f I get to a home and everybody see my studio, it's light and bright and you know what I'm about to install? Blackout shades. 'Cause I can't get low light and it's driving me crazy. I love light, bright images, as most people do, but I also love shadows. You know why? Low light forces connection, okay? It forces people to connect, 'cause you have to put them in the small areas where you have a light piece of light, right? So you force connection happening, okay? Great creative and think outside of what you think you're supposed to be doing, okay? We think we're supposed to be finding all of these bright rooms, but what happens if you have a room that has some beautiful light just like coming in and it's right there lying on the bed? And it's only this wide? What's gonna happen? They're all gonna be in this little spot and you're gonna get natural reactions, okay? Little 101 photography lesson: There's something called falloff light. Do you guys know what falloff light is? So if you don't, think about a tree. Okay, pretend there's a tree right here and there's a shadow falling off right here. You're standing in the shadow and then right here it's extremely bright in the middle of the day. Are you gonna wanna put your person all the way back underneath the tree. Well, I don't shoot under trees anyways, but if you were, would you put your all the way in the back of the tree? No, you would put them right here where the shadow hits the light and that light, kind of like in your garage, okay? That's called falloff light, and light will fall and you'll be brightly illuminated but then what's behind you? Shadow, lots of visual interest. These are gonna make your photos even better. So what you wanna look for when you are in a home is a situation where you have some light with deep shadows behind it. You can even put people in the shadows and just close enough to get that light to fall off on their face. Does that make sense? I am constantly seeking shadows. As light and as bright as my photos are, I'm still loving shadows. Get creative then decide what you want and remember your why, okay? Don't conform. Get your vision done, so whatever vision you came in to do, but do it creatively. You're always seeking for different light, you know, light sources. These are great for moody black and white images as well because you're gonna have natural highlights, shadows, and mid-tones, okay? Moody black and white images are not done in PhotoShop. They are done in camera, okay? Because you have a full spectrum of that light source. Move furniture. When you get there, if you see a room that's completely illuminated and it's wonderful to have a room that's illuminated, because it makes it easier, the skin tones are softer, you know, the skin looks smoother and parents really like that. So if you see a room that has a lot of light, but there's tons of furniture in there, you've had the conversation with preparation. When you get there and you're walking the house, be like, "Hey, when we get into this room, "would you mind if we move the couch? "Would you mind if we move the chair?" I've never had anybody say no. Never, not once. Technique, gear. You will have grain with poor exposure no matter what your ISO is. If you are not exposing correctly, you will have grain. Go practice with your camera and see how low you can take your ISO and how high you can take your ISO. Play with that ISO on your camera. Take it up as high as you possibly can and note that ISO and see what your grain is at. Now, if you take your ISO up to, say, 2,500, you know, this is an entry-level DSLR ISO range, right around 2,500 before you get grain, which a lot of newer photographers are at. If you notice that your shutter speed is one over 2,000, did you need your ISO that high? No, so when you get back and you start looking at your images and you're like, "Gosh, I wish these weren't "so grainy, but darn it, my ISO will only go to 2,500", don't just look at your ISO. You may have forgotten to take that shutter speed way down. So you could've lowered your ISO, right, this is not basic, but this is camera technique. Lower your ISO so that way your shutter speed can lower. Lower your shutter speed so you can lower your ISO. Does that make sense? But play with that ISO. So in the live shoot that we do, I took, you're gonna laugh at me. I took, because I wanted to show you that you can shoot with grain. I had to go to ISO, I think it's like a 32,000. Crazy, I know. In order to compensate for that high ISO, my shutter speed had to be at like 8,000, which is crazy. I normally wouldn't shoot that way. I did that 'cause I wanna teach you, when you get these images back with grain, what to do, okay? You don't wanna lose the moment. And this is the time where people would be like, "Why don't you just bring lighting?" 'Cause I'm lazy. (laughs) This is the business. You can, it just, for me, I miss moments if I'm worried about setting up lighting equipment. So I'm gonna show you how to go without it, to do without it. There's color noise versus ISO noise. Color noise comes from poor exposure. You can always expose correctly, even with the higher ISO noise, okay? There's different kinds of noise within your photo. Lenses: You need to have a good lens for lifestyle photography. You cannot have a lens where your aperture will only open to two point eight. Why? Who has a microphone? I'm tryna wake you all up. If you have a lens that only can open to two point eight, what's gonna happen to your image? What are you limiting yourself for? Well, you limit your bokeh, your ability to have that really beautiful, creamy -- (both speaking at once) But in relation to exposure, if you have a lens that can't go wide open, it's too dark, right? Think about, you guys have to go back to basics for this, and I know a lot of people are watching that are newer photographers. There's a reason that we all spend money on really good prime lenses. If you have a lens, especially zoom lenses, so say you have like the, just pick one, the 24 to 70. At the 24 millimeter range, which makes it a little bit wide open, you're able to go to about two point eight. I think that lens goes to two point eight. Okay, two point eight. Now, if you were to zoom in to the 70 millimeter lens, your depth of field gets narrower, so your focus gets better, you know, you can get more people in focus, but what happens to your light? You lose it. So this is why, with lifestyle photography, zoom lenses, if you don't have an abundant amount of light, are not practical lenses, because you cannot open your lens up wide enough, okay? You need a lens that can go down, Canon one point two, Nikon goes to one point four, both of those are wonderful, wide-open apertures. Remember, aperture is the hole in your lens. When all of that is open, you are letting in a lot more light. Lenses are key. You cannot, you cannot, no matter what camera you have, shoot in a session that's dark without having a lens that gives you the capability of allowing light in, okay? Very important, lens choice. We're gonna go over that in the gear list. I have my gear list. All my lenses are primes, except for like a couple, which I rarely use because, why? They don't let in enough light and they distort the edges, which you can fix in light room, but I'm lazy. (laughter) Anybody have any questions on this? Erica Henderson had asked, "What is the slowest "shutter speed that you would use "with a lifestyle session?" Okay, so there's two Emilys, one that's had coffee and one that's not. So, coffee Emily would go down to about one over, maybe like your shutter speed down to about 120, so one over 120, maybe 150. I always kind of give the rule of thumb for newer photographers, don't go under if you have anything that moves. Newborns don't move, so you can go lower. Depends how steady you can keep it. I have gone down to one over 80, but you have to, how do you hold your camera? Really elbows-in, right? And that's back to 101 again, holding your camera in, so one over 80 is the lowest but only you guys know. I can't do one over 80 if I'm coffee Emily. It's like one over 120. (mumbles) (laughs) Okay, that make sense? Okay, any else? These are big ones, I wanna make sure we get to these. I think some of these are things that you're gonna cover, but Sharice Bledsoe asks, "As far as exposure, do you shoot in Kelvin or auto white "balance and do you use an expo disc ever? "How do you deal with also the fact that there "might be other types of lighting competing "with the natural light?" That was actually next. Great. That's a great segue. So I was gonna say, when we walk into homes and when you are walking the home, what do parents do? I'll be like, "Oh, it's kinda dark in here." What do they do? "Oh, we can turn the light on?" I'm like "Oh, but we can't!" (laughs) They're like, "Why?" Without fail, no matter how much we've prepped, you have ambient lighting. What happens? You have a 6,200-watt bulb. You have your outside 5,800, whatever the daylight is outside that day. Depends if it's cloudy or not outside. You have all sorts of different lighting situations going on, which is like, your camera does not like it. So turn off all the lights. Open up the windows, see what the lighting situation is. That being said, I'm gonna derail here for a second. If you're comfortable with this, you can leave ambient lighting on, okay? So, you know, you see those pictures of kids with their iPads, right? And you can expose, you can set your white balance using Kelvin, okay, I don't use an expo disc 'cause I'm lazy, remember, I don't have stuff? Kelvin because I'm minimalistic, and I think it helps me as a photographer not miss things. That's just my opinion. I'm always looking for things versus worrying about gear, okay? You can set your camera to Kelvin and change, you know, change your Kelvin temperature as you need to, okay? I almost 100% of the time shoot in Kelvin, yes. That being said, my camera has an amazing auto white balance system, if anybody has the D4 or the D5, it kills it. So I'll kind of sometimes start there and then change to Kelvin as I see fit. Be mindful, this is very, we will do this in the next, in the live shoot that we had before, I'm gonna show you, their home had a paint color called Revere Pewter. Who has Revere Pewter in their home? Nobody? Like everybody I know has Revere Pewter. I walked in there, I'm like, "Oh, you have "Revere Pewter on your walls." Revere Pewter pulls green, okay? What do Nikon cameras pull? Green, okay? And you cannot change that in your camera unless you go into your histogram thingie, or the color thing, you know the boxes and all the colors? And I have all of mine pulled over to bump to magenta by two, down and over, and later I can show you guys this, but over and magenta, I have it pulled over in Nikon. You can't fix that, so you have to shoot, you know, you shoot for warm or cool, orange or blue, you know? So know that going into, if you're a Nikon shooter, you're gonna be pulling green, and if you have that issue you can actually move that over with inside your camera. And we're gonna show you how to work on that in light room later. Fixing the green. All right. That handles the Kelvin. Okay, shoot wide open. Find the light in the shadows. Bay windows are great. I feel like so many homes have bay windows and a lot of 'em will be covered up with stuff. I move a lot of stuff out of bay windows. This was in their kitchen and their kitchen table was right there, but the house was so dark and it was in the middle of the summer. So what happens in the middle of the summer with trees? They're full, right? And when you have full trees, what happens to the light in the house? A, it's dark, B, it's green, okay? So we have one of my action sets has a "make things not green" action anymore 'cause everything was green. I kept fixing it, I'm like, "I might as well "make a shortcut." It's a very common occurrence. A lot of grays pull green, a lot of paint colors pull green. And I'm gonna show you that on editing at the end of the class and how to get rid of that green. Window seats, so no light on the face. So see again, we talked about that, no light on the face. If you need to, move people. Just move people around. Back to the basics. I wanted to show you this picture again because it's such a good lighting example. Shoot wide open, one room with one window, move them, define the light. This room had a window about the size, you know, like a regular, standard bedroom window. One window, that was it. It was, like, so dark in there and Mom had piled all of the, the diaper thingie-ma-jiggy and everything in there thinking we weren't gonna use that room, and I was like, "Why is all this stuff in here?" And she said, "Well, it's so dark, we weren't "gonna use this room." No, no, no, no. Do you see that streak of light coming right there against your blue wall? So when you see things, you're like, "Wow, "that looks neat. "I don't know why it looks neat. "How can we use this in our photo?" Back to the basics, focal planes. When you have a family of four and you have extremely low light. You will, one, shoot wide open, right? One point four, which we just talked about, or, say, one point two even. If you shoot at one point four and you have a family of four and you have three people here and Dad is here, what's gonna happen? Out of focus. So you need to think back to the basics when you have low light. Keep everybody in that same focal plane. Do you guys remember on my website there was 12 people on that bridge and I shot at one point four. Why? The focal plane. These are back to camera basics, but these are, you know, we tend to forget. We're thinking creatively, we're thinking about getting the shot, we're thinking about keeping the baby happy, we're thinking about Dad not having a meltdown because the toddler's been crying, but we're not thinking about our camera, okay? Focal planes, simple, 'cause then you can shoot wide open and let in a lot of light. A lot of us will go and we'll be shooting a newborn session and lifestyle sessions around two point eight to keep everybody in focus. Do you guys feel like that's kind of a standard, two point eight, maybe two point two, depending on how close we are? We're scared to go to one point four because we want to get everybody in focus. Position everybody in the same focal plane, okay? Shoot in raw. Everybody knows I'm a .jpeg shooter. If you didn't, now you do. That being said, lifestyle, newborn sessions tend to have, you know, babies have skin tone issues or whatever, so I tend to shoot in raw plus .jpeg because sometimes they'll end up liking the .jpegs more and my eye just goes to it, I just like it, there's no right or wrong. The thing with raw, if you're in a low-light situation, this is what we're gonna talk about later on in the class. You can fix noise in light room or with noiseware in PhotoShop, okay? If you had shot at 32,000 in .jpeg, you're not gonna have as much flexibility. As long as you haven't blown any highlights, you can bring some of that information back. Is it gonna be light and bright and airy? Of course not, but you've talked to Mom and you've prepared Mom. "You know, your home is dark, "you know those images you see on my website "that are a little bit moodier and show connection? "That's kinda what yours are gonna look like "and they're gonna be amazing." Prep 'em, okay, 'cause not every house is gonna be light and bright. Watch your shutter speed. I cannot tell you how many times I've gotten home and not as much anymore, when I first started and I'd get home and I'd be like, "Gosh, why are these so blurry?" It's because I had my shutter speed at like one over 20 because I was trying to let in light. How many times have we all done this? You're in the zone and all of the sudden your shutter speed's down too low. So watch your shutter speed, okay? Yes? I know we, Emily, have this with your last class as well, when we saw you photographing in person and people were continually blown away at how quickly you're able to focus, but also again, that being at such a wide open aperture and get things tack-sharp. So can you tell us again, 'cause I still have questions coming in about sort of the focal plane and how is it that you are getting your images so tack-sharp at those apertures? Let me go, first thing, they're not always that tack-sharp and I'm okay with that. They're not perfect. When you think about film, right, I love the film look, and that's how my new presets are that I'm editing this next shoot with. Film is not sharp. We are drawn to film. If your images are not completely tack-sharp, as long as people are in focus, you're okay so let that go. Not everything's gonna be tack-sharp. We aim for tack-sharp, right? But if it doesn't happen, be okay with that. Don't throw the image out. Parents will still love it. That being said, everything that comes back to me, keeping my images pretty much in focus like that is, you will notice, all of my clients are on the same focal plane. I'm constantly directing people, okay? I'm guiding them on where to be. Do you see this? What focal plane are they on? Do you know why I shot it this direction? Why did I not shoot this from behind her? That would have been two focal planes, wouldn't it have? Okay, they're on the same focal plane. There's a method to my madness and we wouldn't have seen the connection. When you are looking at connection, you need to take a photograph of what you see, okay? Not how you think it's gonna photograph better. So if I would've been behind them, I would've missed her looking at the baby. So back to the sharp thing, if everybody's in that same focal plane-ish, you're fine. Now, the closer you are to your subject, so, see, if everybody's on the same focal plane and I'm right on top of 'em, if somebody moves, I don't have as much wiggle room because my, you know, depth of field is shallow. If I step back a little bit, your depth of field increases, this is just kind of Photo 101, and you have more wiggle room with getting everybody in focus. Okay, your depth of field is longer. This is a whole nother class, and I'm sure there's one on CreativeLive. (laughs) About depth of field. (laughs) So, search for that. But that's kind of Camera 101. In a home, it's often tight space, so how do you stand far back enough? Lens choice. 24 millimeter is what I use. Nikon just came out with a new 24 millimeter one point eight. I never got the one point four, 'cause it was so expensive and I wasn't using it enough. You know, I typically shoot with my and then Nikon just released the one point eight. It's a wonderful lens. So the 24 millimeter is a fabulous lens because the edge distortion is not as strong, I don't feel like. I've got a 17 to 35 as well, I don't tend to use it, A, because it distorts the edges, B, because my aperture is not low enough. You know, I can't shoot wide open enough so when they came out with that prime wide angle lens, it's fabulous. Okay, that's how I do it. That's what I'll use for the crib shot, too. Okay? All right, clutter. Keep clutter that adds to the story. Directing clients before you arrive and have your "clutter plan", okay? So they're gonna know if you're about to shove everything in a closet. And I tell people, "So do you have a bed "with a bed skirt? "'Cause we might shove stuff under the bed", or "Are you okay if I walk into your bathroom?" Always ask before you walk into bathrooms, 'cause you just need to. And so they'll shove stuff into their bathroom. If I get there and Mom's still getting ready and I see clutter all over, I say to her, "Hey, you know what? "I'm gonna take a walk around the house, "is that okay?" You know, "Do you wanna walk me or do you "want me to just go?" I always ask, you know, you don't wanna just walk around somebody's house. And then I say, "While I'm doing that, do you mind "if I kind of take something that you might not want "in the picture and move it?" If there's something I'm not sure about, I need them there with me. A lot of times you'll see lamps with plugs, that way, right? So we'll unplug the lamps since we're not gonna have the lights on anyways, right? We unplug the lamp and hide the stuff. So those are things that I think newer photographers are, not scared, apprehensive to kind of ask clients, and I do it. I just flat-out ask 'em. "If you don't want it in the picture, "you need to move it." Okay. Move furniture, change your perspective. We might be dead set on a room and there's something that just isn't good in the room and we give up. Don't give up. Move, okay? Get on a ladder, get on a step stool and shoot down, shoot up. Go to the left. Go to the right. Just move, okay? Don't let go of your vision because you feel like there's too much clutter. If you have one room that's wonderful, use it. Take furniture in and out of it. Do your whole shoot in one room. I do it all the time and people will say, "How do you have these "homes like this?" And it's just one window, really. You know, it just looks cooler than it is. And shoot up. Crabby siblings, make them feel in control. On the other side of this person, Sarah, my lovely client is a two-year-old. She was hiding in the pillow. I wanted her to feel in control, Mom was holding the baby, and then she was about to sneak up and hold the baby too. So she felt like she was in control. She wanted nothing to do with the baby. Mom had already had a set of twins and this was her second set of twins. She had two sets of twins. Ugh, she's amazing. Yeah, I know. So, you know, this family really goes with the flow really well. This is why I use them for some pictures and for some video I was doing. So have them show you the new nursery. Kids love to show you the new nursery. Ask them, "What do you love about your baby sister? "What do you love about your baby brother?" Ask what they like to do with the new baby. Like, they'll be like, "I wanna feed her." "I wanna touch her toes." I'll be like, "Let me see you touch her toes." You'll see that in the live shoot, because how cute is it when they're touching their toes. And I'll say, "Hey, how 'bout you take your toes "and touch the baby's toes with your toes." Then they're like, "Okay." You know, then they feel like they're in control because they came up with the idea, 'cause those are things they like to do. So have a special sibling-only portion of you shoot, which we talked about, right? Reward them. So I always tell parents if you have a sibling and they're rewardable age, you know, like I have some parents that have, like, 12-month-olds, God bless them, plus a new baby, but if they're rewardable age, have them get a present for them, wrap it, because you want them to have anticipation for opening a gift. I find that rewards that are gifts are something that they know that they're getting, they're just like, "Whatever, "I go to the store all the time, "I get whatever I want." They have something they have to unwrap, it works better. That's kind of like a trick I have up my sleeve for all my families that have siblings. Awake or fussy babies. Wrap 'em up, okay? We're gonna teach you wrapping up next, which is in -- soon, okay? Wrapping 'em up next. Turn up the heat, okay? Check if they are hungry. When all else fails, feed that baby. Who cares if you're gonna be there for four hours, you need a happy baby, okay? I used to work in the NICU, I was speech pathologist and I specialized in feeding therapy. I have a very innate, I have like a good ability to know if a baby is refluxing or those sorts of things. Start to familiarize yourself with all of these issues that babies can have, because you also don't wanna overfeed a baby, because then they're gonna start having really bad reflux and if that happens then you're gonna have a really bad session. So if you start noticing that the baby is just off, something's -- and this just happened, this happens to me probably five times a year. I will cancel the session. We will reschedule a week later. Let the baby figure it out. A lot of babies end up having dairy allergies, end up having, you know, they need to go on special formula or something. Not all babies are just easy eaters. Babies have issues. Babies have gas. Be flexible, okay? Not only be flexible in your session, and let Mom know, "You know, it's okay. "I would much rather come back when she's calm." They might be taking the baby to the doctor the next day. Reschedule it. It's not a big deal. In the back of your mind, you're like, "Ugh, I have so much to do next week", but you know what? That Mom is much more concerned than you are about your schedule, okay? So reschedule it if you have a really fussy baby if nothing is working, 'cause something might be off. Okay, they might have just had really bad reflux or something, okay? The baby shusher. Who knows what the baby shusher is? If you don't, look it up. (laughs) It's a little orange and white thing you turn on, okay, it's a sound machine and you can take it with you everywhere. It's like the best gift to newborn photographers. And then photograph them awake, you know? If they're not going to sleep that's fine. You know, we try to get some sleepy shots, but if we can't, photograph them awake and it's fine. And make sure you keep encouraging Mom. "You know what? "This is wonderful." Parents love when we get awake shots. We're so lucky, sometimes we don't get these, you know? Keep telling 'em, right? So it's all about how you're making them feel. And awake shots are gorgeous. Calming techniques, Happiest Baby on the Block, who's familiar with that book? Okay, get it, read it. Tight swaddle, we're gonna go over that here next. White noise, pacifier, always ask parents about pacifiers. I have a big thing on my website since I did specialize in feeding, it kinda validates me, I think a little bit when I'm them this advice, you know, it's not coming from just a photographer. Babies need to need suck, swaddle, swing, and shush, you know, like all the five Ss or whatever from Happiest Baby on the Block. Babies will not, as long as they're nursing okay, will not confuse a non-food source and a food source. So like breast to pacifier is much different than breast to bottle, okay? And if your families are comfortable with a pacifier, it will knock the baby out. But the parents need to be comfortable with it. Try not to project your opinions on those kind of things onto new moms. New moms are already worried about it and they've heard everything under the book, you know, been scared from them. Within three weeks, they'll probably be giving 'em to 'em. (laughs) Anyways, all right, deep pressure versus light touch. This is their sensory systems, okay? Babies' nervous systems are sensitive, especially babies that come early. I shoot a lot of preemie babies, I shoot a lot of twins. I think twin moms must hang out together. So every twin in St. Louis. They're nervous systems, your sensory system within the womb is the last thing to develop. So they have a sensitivity to sound, light, touch, you know, think about your sensory system. So, you know, a lot of moms and dads'll be doing this, stroking, not good. It's irritating to their skin, okay? You actually want deep pressure. When you're shushing them, if you're shushing them like this (shushes), versus (shushing) really loud, don't shush 'em quietly, it's irritating to them. They need the deep pressure. That's why babies like to be swaddled up tight. When you're swinging them, hold to them to you and, I mean, swing, okay? Don't shake the baby. But swing. Think about those swings that you buy. Think about how, have you seen those swings, how fast they move? As new moms, you put your baby in there and you're like, "Whoa!" And then you call the baby store and be like, "It's broken!" (laughs) Right? Okay, but it's not broken, like, it's supposed to go that fast. Okay, I totally called the baby store and said it was broken. I'm like, "My baby's gonna fly out of it." It's normal, okay? Anybody else been there, right? Somebody else called the baby store, I know it. When you're swinging the baby, and help Mom will all of these things, okay. These are all on my what to expect on your newborn session day, okay? And I just think being a mom kinda helps sometimes too. You know mom tricks. But always gauge what they feel comfortable with. Just kind of guide them into deep pressure. I'll be trying to get the baby to sleep, I'll be swaddling it and the mom's doing this real quietly and I do this all the time to close their eyes, but they're doing it gently and the baby's startling and startling and I'm like, "No no." Tell them, "That's irritating her, don't do that anymore." Actually do some deep pressure, it's a really good calming technique.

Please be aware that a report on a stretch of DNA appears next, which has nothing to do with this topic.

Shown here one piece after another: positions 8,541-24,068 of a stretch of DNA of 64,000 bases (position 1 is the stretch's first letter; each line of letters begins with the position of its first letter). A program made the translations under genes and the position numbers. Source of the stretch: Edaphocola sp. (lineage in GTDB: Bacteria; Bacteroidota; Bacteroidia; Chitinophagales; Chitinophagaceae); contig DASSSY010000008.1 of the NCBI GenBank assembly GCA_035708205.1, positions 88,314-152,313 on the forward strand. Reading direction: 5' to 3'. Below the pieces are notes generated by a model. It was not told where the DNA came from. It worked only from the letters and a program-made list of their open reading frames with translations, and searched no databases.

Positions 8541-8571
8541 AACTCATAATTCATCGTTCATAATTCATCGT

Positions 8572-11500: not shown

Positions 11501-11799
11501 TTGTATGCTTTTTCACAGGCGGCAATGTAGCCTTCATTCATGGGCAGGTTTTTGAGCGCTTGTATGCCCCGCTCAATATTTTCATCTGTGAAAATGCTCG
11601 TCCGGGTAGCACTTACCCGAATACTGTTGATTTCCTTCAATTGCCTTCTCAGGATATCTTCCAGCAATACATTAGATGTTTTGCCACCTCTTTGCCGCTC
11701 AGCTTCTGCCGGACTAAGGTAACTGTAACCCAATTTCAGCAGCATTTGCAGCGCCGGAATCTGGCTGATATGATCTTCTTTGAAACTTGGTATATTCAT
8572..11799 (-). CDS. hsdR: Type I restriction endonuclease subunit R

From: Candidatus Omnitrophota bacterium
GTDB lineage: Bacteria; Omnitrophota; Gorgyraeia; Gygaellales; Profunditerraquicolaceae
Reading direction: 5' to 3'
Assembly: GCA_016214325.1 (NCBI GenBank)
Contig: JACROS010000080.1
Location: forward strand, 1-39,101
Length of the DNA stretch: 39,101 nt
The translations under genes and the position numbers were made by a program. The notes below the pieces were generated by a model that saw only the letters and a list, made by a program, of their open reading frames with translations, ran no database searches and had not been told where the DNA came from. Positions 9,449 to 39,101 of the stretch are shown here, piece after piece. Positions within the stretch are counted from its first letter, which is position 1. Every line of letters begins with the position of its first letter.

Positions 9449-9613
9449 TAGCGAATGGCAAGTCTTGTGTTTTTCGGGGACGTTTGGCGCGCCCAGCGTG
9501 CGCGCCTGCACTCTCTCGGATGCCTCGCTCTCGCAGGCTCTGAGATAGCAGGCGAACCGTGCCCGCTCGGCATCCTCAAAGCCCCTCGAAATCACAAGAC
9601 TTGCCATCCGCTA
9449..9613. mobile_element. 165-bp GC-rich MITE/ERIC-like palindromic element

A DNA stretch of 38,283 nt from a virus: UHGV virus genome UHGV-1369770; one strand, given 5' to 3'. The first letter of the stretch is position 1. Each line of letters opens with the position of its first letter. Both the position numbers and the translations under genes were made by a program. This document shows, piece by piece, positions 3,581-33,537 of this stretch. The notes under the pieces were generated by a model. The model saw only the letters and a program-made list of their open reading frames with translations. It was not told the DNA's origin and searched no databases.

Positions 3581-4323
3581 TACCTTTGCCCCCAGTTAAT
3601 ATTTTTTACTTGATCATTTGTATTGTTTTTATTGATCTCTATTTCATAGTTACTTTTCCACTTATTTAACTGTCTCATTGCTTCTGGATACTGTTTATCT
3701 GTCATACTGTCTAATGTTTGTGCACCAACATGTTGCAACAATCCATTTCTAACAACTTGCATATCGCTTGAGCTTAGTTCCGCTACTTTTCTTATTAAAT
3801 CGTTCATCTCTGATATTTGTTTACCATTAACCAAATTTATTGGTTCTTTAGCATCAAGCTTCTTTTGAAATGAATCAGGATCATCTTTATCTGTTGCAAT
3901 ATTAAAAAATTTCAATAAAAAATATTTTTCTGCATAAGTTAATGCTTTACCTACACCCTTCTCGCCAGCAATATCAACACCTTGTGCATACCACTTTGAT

Class Description